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Impact of the COVID-19 pandemic on the provision of dialysis service and mortality in Veterans receiving maintenance hemodialysis in the VA: an interrupted time-series analysis.

INTRODUCTION: According to the United States Renal Data System (USRDS), patients with end-stage kidney disease (ESKD) on maintenance dialysis had higher mortality during early COVID-19 pandemic. Less is known about the effect of the pandemic on the delivery of outpatient maintenance hemodialysis, and its impact on death. We examined the effect of pandemic-related disruption on the delivery of dialysis treatment and mortality in patients with ESKD receiving maintenance hemodialysis in the Veterans Health Administration (VHA) facilities, the largest integrated national healthcare system in the United States.

METHODS: Using national VHA electronic health records data, we identified 7302 Veterans with ESKD who received outpatient maintenance hemodialysis in VHA healthcare facilities during the COVID-19 pandemic (February 1, 2020, to December 31, 2021). We estimated the average change in the number of hemodialysis treatments received and deaths per 1000 patients per month during the pandemic by conducting interrupted time-series analyses. We used seasonal autoregressive moving average (SARMA) models, in which February 2020 was used as the conditional intercept, and months thereafter as conditional slope. The models were adjusted for seasonal variations and trends in rates during the pre-pandemic period (January 1, 2007, to January 31, 2020).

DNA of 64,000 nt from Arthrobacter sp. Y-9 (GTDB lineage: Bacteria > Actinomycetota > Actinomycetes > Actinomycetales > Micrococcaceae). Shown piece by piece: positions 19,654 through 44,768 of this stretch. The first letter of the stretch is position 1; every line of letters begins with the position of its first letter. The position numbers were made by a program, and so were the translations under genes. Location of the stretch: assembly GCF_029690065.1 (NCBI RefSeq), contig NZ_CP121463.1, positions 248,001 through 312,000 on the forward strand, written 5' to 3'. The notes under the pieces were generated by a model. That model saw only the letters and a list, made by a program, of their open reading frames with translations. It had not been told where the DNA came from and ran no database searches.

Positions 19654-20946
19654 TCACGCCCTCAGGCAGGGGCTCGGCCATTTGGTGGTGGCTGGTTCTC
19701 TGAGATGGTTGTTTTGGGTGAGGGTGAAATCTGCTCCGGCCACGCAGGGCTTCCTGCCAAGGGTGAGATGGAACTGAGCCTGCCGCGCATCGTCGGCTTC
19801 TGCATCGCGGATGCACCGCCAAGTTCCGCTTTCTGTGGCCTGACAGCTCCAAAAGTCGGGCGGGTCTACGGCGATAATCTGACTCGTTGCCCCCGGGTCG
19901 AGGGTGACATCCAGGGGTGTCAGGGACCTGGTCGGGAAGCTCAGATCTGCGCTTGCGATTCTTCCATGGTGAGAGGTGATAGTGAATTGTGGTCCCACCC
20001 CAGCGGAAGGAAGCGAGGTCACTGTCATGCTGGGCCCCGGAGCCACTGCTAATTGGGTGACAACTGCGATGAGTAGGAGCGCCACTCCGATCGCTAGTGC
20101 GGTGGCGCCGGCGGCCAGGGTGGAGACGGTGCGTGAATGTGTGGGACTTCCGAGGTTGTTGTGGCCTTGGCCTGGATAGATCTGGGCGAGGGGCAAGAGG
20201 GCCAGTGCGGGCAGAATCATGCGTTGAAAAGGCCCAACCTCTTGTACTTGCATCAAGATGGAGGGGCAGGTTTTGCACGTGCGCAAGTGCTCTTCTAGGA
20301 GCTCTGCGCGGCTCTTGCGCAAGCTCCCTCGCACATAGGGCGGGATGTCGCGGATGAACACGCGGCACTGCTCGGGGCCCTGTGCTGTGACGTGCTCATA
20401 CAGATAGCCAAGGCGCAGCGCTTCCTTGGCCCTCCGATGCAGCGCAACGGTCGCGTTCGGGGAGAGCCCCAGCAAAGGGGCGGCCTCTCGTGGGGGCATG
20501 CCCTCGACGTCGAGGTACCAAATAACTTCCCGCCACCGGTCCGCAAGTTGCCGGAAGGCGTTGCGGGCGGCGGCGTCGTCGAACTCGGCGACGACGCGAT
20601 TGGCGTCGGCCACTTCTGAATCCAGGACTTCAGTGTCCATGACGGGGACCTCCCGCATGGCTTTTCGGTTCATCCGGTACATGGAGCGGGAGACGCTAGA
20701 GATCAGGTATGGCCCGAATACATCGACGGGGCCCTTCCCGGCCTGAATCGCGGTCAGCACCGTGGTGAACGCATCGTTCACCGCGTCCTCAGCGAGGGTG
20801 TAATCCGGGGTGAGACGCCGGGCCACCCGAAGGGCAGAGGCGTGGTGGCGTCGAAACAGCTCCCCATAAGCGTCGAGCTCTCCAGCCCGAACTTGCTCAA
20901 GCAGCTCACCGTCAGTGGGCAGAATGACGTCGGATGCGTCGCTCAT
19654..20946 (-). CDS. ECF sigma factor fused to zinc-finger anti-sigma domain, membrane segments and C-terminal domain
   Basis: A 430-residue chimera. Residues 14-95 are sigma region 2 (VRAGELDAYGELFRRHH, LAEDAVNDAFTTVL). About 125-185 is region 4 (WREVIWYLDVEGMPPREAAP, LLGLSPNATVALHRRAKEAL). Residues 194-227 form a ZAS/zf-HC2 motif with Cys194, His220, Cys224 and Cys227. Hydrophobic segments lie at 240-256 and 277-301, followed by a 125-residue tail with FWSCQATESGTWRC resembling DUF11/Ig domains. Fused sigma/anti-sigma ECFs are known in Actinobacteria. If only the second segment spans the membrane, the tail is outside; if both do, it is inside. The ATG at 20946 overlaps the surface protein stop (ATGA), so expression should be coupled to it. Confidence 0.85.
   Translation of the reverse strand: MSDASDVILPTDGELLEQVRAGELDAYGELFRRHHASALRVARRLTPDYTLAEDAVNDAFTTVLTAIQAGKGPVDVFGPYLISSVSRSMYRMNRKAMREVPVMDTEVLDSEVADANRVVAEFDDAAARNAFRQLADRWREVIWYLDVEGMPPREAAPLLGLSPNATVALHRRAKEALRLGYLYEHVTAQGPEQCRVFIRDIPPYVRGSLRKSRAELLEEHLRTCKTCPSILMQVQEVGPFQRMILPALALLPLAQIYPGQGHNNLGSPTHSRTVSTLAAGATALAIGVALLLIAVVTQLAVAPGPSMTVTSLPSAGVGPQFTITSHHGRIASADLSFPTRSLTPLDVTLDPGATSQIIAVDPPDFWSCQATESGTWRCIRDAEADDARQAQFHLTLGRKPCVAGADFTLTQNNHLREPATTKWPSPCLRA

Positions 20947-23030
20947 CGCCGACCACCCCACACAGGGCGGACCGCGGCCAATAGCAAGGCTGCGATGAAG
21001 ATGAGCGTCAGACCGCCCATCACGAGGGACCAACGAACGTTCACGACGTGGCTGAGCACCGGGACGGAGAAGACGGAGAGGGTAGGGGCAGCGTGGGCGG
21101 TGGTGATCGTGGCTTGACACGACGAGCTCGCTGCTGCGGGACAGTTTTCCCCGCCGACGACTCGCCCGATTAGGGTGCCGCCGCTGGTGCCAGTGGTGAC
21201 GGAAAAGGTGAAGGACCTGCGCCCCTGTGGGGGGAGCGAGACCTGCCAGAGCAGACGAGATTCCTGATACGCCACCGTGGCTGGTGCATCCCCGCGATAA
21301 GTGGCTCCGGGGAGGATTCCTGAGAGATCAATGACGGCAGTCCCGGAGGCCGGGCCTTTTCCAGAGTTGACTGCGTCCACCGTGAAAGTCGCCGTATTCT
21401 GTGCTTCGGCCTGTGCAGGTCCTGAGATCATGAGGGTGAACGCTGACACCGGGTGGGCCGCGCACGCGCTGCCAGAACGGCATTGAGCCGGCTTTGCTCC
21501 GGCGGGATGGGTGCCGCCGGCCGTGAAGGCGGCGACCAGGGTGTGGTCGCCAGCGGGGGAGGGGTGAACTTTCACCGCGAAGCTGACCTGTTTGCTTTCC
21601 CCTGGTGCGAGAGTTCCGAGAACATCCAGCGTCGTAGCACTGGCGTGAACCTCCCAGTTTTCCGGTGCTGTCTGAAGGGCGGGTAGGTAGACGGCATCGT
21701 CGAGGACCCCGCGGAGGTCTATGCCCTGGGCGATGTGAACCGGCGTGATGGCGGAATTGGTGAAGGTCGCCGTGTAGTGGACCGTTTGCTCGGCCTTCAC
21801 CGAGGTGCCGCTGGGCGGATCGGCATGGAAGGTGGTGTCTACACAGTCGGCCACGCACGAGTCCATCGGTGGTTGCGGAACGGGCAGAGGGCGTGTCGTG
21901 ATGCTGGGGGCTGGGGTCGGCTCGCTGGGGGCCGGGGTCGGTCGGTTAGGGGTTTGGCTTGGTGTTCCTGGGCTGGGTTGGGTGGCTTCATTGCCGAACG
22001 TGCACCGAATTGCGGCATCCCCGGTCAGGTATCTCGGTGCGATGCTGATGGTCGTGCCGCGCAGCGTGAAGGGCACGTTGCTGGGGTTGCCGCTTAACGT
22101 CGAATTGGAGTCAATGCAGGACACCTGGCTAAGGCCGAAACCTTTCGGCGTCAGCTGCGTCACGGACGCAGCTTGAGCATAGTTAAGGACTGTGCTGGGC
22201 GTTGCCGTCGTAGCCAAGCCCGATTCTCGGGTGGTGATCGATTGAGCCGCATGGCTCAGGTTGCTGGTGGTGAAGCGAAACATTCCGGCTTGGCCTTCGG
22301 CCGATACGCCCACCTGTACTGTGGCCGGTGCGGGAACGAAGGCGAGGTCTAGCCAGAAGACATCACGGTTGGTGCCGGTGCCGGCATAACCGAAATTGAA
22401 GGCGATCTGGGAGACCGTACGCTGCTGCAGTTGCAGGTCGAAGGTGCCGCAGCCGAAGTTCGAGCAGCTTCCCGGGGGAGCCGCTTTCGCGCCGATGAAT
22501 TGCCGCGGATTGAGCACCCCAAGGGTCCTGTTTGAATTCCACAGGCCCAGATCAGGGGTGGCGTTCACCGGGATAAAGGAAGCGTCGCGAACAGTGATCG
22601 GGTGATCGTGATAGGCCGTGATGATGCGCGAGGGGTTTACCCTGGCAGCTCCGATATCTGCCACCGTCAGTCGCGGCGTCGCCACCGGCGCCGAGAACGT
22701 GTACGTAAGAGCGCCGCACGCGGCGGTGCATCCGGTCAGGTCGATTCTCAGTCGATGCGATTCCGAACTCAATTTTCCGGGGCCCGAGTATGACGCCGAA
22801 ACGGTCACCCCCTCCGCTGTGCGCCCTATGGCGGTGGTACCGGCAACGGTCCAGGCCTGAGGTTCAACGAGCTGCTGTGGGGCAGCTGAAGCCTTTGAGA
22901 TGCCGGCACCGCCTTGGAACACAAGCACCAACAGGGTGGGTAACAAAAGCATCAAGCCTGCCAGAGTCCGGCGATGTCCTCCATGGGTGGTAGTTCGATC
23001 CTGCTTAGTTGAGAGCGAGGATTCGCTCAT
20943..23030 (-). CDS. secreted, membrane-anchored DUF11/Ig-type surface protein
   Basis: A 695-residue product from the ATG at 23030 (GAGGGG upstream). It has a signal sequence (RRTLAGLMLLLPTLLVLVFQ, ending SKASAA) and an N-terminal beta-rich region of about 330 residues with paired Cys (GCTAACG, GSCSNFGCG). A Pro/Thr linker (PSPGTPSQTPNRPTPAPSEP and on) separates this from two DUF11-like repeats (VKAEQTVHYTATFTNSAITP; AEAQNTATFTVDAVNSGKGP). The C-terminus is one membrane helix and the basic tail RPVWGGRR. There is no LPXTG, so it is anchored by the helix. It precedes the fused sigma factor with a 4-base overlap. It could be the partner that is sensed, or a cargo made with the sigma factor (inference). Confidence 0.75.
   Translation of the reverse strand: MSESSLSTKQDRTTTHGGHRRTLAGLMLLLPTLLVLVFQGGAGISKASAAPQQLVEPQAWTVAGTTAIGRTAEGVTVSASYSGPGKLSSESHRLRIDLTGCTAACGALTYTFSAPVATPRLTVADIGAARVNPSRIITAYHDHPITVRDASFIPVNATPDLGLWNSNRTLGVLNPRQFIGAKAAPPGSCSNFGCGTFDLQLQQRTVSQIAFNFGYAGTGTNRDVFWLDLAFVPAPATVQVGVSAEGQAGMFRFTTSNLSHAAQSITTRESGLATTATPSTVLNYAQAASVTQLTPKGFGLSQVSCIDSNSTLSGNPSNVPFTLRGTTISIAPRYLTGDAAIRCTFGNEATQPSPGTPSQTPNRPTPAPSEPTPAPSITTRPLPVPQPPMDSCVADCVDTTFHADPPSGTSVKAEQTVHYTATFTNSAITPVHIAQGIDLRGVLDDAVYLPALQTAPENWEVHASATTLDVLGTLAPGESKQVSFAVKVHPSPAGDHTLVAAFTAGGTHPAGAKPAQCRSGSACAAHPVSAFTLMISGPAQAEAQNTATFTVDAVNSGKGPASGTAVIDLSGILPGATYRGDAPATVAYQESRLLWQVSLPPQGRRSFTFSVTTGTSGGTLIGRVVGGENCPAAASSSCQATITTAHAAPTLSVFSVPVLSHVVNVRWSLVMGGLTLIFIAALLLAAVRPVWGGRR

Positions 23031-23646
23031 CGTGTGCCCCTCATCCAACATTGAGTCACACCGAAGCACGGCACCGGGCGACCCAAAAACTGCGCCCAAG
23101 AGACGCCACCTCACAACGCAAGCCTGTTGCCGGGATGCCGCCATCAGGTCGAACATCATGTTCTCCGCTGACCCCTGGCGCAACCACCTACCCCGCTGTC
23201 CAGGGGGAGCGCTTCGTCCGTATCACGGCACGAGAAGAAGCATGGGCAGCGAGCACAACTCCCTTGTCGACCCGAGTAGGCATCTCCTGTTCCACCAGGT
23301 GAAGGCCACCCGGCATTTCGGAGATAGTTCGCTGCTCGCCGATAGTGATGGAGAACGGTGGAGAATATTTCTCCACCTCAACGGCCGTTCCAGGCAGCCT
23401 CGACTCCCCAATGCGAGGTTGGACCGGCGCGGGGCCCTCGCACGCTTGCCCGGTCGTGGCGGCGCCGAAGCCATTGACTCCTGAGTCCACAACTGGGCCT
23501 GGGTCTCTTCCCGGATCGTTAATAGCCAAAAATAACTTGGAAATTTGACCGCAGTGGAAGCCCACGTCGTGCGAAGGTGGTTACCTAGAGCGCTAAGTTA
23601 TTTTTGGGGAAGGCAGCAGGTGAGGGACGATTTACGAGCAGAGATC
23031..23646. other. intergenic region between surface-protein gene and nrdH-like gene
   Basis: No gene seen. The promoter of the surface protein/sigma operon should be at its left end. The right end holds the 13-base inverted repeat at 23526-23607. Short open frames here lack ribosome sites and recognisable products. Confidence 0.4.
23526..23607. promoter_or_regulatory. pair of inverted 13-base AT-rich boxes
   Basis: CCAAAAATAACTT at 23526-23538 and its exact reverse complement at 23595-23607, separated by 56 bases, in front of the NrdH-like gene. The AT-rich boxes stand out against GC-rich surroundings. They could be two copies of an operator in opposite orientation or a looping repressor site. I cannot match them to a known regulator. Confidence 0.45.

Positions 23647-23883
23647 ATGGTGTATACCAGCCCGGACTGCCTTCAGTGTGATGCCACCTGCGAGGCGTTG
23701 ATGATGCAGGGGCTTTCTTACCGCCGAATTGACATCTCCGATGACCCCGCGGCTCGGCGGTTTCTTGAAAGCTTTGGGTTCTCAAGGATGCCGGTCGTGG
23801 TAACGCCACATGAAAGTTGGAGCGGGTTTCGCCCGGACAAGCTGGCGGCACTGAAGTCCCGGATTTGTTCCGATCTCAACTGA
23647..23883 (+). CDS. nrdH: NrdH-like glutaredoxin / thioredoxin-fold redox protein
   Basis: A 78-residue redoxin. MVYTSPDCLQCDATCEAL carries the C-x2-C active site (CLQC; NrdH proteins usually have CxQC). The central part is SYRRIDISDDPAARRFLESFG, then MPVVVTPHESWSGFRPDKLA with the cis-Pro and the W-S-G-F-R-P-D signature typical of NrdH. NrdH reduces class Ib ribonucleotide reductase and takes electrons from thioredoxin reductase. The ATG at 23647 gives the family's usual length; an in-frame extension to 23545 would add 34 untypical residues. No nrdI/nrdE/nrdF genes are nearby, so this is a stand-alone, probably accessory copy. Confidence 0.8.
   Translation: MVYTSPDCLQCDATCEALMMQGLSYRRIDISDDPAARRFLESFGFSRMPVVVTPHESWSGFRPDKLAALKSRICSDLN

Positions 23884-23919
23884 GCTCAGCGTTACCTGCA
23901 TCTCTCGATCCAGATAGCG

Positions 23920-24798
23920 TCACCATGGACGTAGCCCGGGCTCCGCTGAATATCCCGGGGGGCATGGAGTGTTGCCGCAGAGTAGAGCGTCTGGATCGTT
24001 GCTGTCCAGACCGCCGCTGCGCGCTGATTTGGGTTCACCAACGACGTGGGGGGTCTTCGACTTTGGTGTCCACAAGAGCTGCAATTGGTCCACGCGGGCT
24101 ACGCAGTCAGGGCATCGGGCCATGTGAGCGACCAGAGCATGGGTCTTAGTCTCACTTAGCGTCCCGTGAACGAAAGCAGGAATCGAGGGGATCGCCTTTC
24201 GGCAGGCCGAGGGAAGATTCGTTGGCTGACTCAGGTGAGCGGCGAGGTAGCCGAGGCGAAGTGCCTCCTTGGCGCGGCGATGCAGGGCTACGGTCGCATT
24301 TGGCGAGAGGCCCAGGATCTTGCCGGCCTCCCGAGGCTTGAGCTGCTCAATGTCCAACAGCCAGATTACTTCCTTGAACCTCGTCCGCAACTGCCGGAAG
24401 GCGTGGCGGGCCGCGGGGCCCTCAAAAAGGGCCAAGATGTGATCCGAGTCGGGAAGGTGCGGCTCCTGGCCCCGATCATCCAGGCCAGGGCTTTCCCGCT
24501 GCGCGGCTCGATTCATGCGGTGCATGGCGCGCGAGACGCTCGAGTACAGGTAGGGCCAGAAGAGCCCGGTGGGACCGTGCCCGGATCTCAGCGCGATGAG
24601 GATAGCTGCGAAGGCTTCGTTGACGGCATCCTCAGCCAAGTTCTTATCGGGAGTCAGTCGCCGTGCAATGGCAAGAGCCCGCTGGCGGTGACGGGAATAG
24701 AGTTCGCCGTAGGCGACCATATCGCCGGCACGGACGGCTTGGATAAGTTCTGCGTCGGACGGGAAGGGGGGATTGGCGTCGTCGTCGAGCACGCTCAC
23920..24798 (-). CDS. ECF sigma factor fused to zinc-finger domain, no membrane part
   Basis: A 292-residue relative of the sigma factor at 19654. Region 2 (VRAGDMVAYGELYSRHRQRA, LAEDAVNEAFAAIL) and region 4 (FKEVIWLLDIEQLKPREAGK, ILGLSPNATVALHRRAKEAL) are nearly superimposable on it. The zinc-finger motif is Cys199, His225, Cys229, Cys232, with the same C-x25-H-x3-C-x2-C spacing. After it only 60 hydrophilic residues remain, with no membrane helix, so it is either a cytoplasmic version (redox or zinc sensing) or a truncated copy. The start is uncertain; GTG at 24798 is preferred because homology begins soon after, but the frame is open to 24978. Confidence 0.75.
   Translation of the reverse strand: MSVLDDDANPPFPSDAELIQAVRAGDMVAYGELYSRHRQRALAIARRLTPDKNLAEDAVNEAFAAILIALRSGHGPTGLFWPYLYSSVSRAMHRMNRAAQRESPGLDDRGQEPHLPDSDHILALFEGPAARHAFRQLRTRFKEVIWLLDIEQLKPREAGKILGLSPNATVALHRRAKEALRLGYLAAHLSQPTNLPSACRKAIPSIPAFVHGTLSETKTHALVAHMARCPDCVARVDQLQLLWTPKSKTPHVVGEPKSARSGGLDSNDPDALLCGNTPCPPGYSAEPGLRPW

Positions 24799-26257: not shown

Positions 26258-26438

RESULTS: The number (95% CI) of hemodialysis treatments received per 1000 patients per month during the pre-pandemic and pandemic periods were 12,670 (12,525-12,796) and 12,865 (12,729-13,002) and, respectively. Respective all-cause mortality rates (95% CI) were 17.1 (16.7-17.5) and 19.6 (18.5-20.7). Findings from SARMA models demonstrate that there was no reduction in the dialysis treatments delivered during the pandemic (rate ratio, 0.999; 95% CI, 0.998-1.001), but there was a 2.3% (95% CI, 1.5%-3.1%) increase in mortality. During the pandemic, the non-COVID hospitalization rate was 146 (95% CI, 143-149) per 1000 patients per month, which was lower than the pre-pandemic rate of 175 (95% CI, 173-176). In contrast, there was evidence of higher use of telephone encounters during the pandemic (3,023; 95% CI, 2,957-3,089), compared with the pre-pandemic rate (1,282; 95% CI, 1,241-1,324).

CONCLUSIONS: We found no evidence that there was a disruption in the delivery of outpatient maintenance hemodialysis treatment in VHA facilities during the COVID-19 pandemic and that the modest rise in death during the pandemic is unlikely to be due to missed dialysis.

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